Judicial Resilience in a Fast-Changing World by Prof. Fabian Ajogwu, OFR, SAN

It is a privilege to be invited by the Judicial Action Group, Africa, to speak at its sixth annual meeting holding in Lagos. I must start by thanking the leadership of the Judicial Action Group, Africa for the privilege to share with this distinguished audience, my thoughts on this subject, whose importance to the administration of justice, particularly at this point, has been brought to the front burner as it rightfully should. This paper evaluates the importance of strengthening the African system of justice administration in the face of challenges while bearing in mind that our actions and decisions will not just affect the present but will have an impact on

the future.

The concept of justice is based on moral rightness, equity, fairness, ethics, natural law, religion, and the administration of the law, considering the inalienable fundamental rights of all human beings, the right of all people and individuals to equal protection before the law of their civil rights, without discrimination and is

further regarded as being inclusive of social justice. Broadly speaking, the administration of justice cuts deeper than the process by which the legal system of a government is executed; it concerns the preservation of humanity. This is not far-fetched, as justice for one is justice for all. The preservation of humanity is hinged on collective responsibility. We are all responsible for each and we are each responsible for all. This is the rationale behind the African word, Ubuntu, rooted in the African humanist philosophy meaning ‘I am because we are’. Derived from the Zulu phrase “Umuntu ngumuntu ngabantu” whose literal meaning is that a person is a person through other people.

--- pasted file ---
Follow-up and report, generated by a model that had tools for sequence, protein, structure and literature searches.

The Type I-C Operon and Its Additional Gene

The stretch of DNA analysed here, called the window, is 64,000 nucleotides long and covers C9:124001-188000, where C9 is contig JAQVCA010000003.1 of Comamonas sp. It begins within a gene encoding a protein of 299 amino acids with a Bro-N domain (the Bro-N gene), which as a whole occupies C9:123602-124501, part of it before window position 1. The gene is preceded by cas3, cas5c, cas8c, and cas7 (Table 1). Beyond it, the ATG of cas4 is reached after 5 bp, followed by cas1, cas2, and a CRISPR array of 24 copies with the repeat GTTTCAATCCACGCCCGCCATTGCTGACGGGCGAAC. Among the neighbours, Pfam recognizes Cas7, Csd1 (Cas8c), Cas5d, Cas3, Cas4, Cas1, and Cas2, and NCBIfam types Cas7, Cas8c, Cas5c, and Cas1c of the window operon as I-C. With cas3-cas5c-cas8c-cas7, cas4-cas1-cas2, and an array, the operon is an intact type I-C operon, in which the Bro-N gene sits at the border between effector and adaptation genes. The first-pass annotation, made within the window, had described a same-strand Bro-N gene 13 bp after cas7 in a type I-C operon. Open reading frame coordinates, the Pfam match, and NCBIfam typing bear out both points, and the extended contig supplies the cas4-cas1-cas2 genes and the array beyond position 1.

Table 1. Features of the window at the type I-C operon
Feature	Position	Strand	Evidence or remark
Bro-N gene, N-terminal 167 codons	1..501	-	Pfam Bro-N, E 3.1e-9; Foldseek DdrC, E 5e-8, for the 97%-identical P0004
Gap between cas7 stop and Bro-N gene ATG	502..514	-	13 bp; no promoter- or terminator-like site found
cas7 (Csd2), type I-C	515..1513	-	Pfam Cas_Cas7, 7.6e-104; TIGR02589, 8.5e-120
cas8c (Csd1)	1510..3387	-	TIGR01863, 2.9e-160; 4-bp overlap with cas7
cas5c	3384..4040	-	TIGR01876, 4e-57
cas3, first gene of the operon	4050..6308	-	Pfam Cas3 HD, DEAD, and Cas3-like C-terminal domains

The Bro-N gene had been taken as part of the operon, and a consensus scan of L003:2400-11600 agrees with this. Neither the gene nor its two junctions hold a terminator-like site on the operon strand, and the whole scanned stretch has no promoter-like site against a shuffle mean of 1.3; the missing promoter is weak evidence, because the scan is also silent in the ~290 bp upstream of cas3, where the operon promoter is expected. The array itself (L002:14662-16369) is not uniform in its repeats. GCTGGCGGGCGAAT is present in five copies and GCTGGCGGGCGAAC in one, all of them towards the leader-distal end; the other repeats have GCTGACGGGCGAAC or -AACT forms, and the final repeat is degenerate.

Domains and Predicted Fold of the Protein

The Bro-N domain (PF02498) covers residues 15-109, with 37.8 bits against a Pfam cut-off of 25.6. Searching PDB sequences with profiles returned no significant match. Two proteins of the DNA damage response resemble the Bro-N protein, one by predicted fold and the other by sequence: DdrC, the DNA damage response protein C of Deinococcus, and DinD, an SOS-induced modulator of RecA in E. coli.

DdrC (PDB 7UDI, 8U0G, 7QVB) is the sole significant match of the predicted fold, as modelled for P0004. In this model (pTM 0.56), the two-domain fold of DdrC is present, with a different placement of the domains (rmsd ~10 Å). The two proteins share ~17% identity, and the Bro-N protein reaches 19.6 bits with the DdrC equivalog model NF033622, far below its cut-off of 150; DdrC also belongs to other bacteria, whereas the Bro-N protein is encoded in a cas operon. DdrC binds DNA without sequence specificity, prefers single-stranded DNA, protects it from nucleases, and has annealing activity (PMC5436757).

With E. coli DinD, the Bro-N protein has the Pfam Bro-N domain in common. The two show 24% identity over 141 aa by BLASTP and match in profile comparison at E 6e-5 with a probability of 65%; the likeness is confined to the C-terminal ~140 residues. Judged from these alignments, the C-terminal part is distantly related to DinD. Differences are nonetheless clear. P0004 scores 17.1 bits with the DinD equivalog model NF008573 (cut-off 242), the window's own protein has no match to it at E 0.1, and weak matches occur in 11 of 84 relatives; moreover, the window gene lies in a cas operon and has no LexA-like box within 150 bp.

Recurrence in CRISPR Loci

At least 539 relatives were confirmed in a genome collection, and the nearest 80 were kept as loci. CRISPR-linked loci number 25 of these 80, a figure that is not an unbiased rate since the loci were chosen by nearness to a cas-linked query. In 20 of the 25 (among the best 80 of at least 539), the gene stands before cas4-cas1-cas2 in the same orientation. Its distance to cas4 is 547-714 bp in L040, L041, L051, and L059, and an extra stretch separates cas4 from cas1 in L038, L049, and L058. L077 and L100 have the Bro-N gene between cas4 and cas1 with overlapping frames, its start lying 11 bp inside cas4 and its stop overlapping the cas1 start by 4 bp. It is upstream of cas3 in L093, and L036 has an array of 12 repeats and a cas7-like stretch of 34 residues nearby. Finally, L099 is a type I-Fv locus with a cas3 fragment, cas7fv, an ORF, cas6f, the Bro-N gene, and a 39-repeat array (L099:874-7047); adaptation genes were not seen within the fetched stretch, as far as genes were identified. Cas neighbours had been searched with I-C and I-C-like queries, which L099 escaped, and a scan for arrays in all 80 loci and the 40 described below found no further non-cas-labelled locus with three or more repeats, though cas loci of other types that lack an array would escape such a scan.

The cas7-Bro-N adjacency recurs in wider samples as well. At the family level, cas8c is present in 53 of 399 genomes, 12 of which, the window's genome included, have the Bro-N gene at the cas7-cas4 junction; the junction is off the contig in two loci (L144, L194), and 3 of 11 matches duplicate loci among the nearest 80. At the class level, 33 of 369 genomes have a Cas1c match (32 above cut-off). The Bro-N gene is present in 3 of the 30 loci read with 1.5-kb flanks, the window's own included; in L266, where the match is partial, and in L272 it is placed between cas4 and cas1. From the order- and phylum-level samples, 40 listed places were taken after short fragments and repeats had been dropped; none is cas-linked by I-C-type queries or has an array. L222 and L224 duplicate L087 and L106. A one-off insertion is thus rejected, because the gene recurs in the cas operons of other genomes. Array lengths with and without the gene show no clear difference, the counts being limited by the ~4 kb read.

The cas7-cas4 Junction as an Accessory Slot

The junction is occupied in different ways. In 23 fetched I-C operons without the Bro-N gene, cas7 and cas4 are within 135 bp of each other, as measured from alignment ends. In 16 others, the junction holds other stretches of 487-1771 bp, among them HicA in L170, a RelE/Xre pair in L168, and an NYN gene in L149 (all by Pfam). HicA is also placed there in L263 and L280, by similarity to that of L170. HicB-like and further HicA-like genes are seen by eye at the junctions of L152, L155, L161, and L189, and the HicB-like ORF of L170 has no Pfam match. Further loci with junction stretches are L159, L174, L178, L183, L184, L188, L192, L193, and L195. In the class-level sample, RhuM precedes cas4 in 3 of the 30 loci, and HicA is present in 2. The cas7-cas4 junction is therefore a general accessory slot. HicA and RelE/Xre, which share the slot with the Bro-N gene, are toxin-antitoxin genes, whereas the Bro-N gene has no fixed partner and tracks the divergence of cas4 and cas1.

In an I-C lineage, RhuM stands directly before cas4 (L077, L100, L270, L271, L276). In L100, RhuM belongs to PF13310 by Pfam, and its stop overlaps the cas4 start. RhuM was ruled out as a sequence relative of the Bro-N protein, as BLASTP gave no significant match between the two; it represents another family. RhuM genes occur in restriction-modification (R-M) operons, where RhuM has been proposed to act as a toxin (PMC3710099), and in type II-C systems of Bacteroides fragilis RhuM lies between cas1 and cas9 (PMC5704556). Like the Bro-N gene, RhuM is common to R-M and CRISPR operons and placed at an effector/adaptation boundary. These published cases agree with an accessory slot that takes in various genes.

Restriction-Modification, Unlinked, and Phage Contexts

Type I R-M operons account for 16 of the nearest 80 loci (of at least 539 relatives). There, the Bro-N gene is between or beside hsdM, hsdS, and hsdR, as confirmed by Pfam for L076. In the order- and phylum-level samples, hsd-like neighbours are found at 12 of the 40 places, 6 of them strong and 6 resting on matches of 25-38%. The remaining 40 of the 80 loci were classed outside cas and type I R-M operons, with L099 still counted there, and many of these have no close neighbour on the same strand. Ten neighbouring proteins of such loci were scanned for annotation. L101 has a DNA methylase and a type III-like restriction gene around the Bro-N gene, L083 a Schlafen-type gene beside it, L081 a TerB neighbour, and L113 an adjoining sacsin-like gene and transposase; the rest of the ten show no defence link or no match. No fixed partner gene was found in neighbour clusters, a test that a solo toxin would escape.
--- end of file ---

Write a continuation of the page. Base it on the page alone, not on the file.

My point of reflection and invitation to this distinguished audience is this: Justice done today will affect future generations. It is imperative that whilst we refresh our minds on the concept of justice, the challenges affecting the administration of justice, and how we can bolster resilience in the African judicial system, we consider the effect it will have on the future of humanity.

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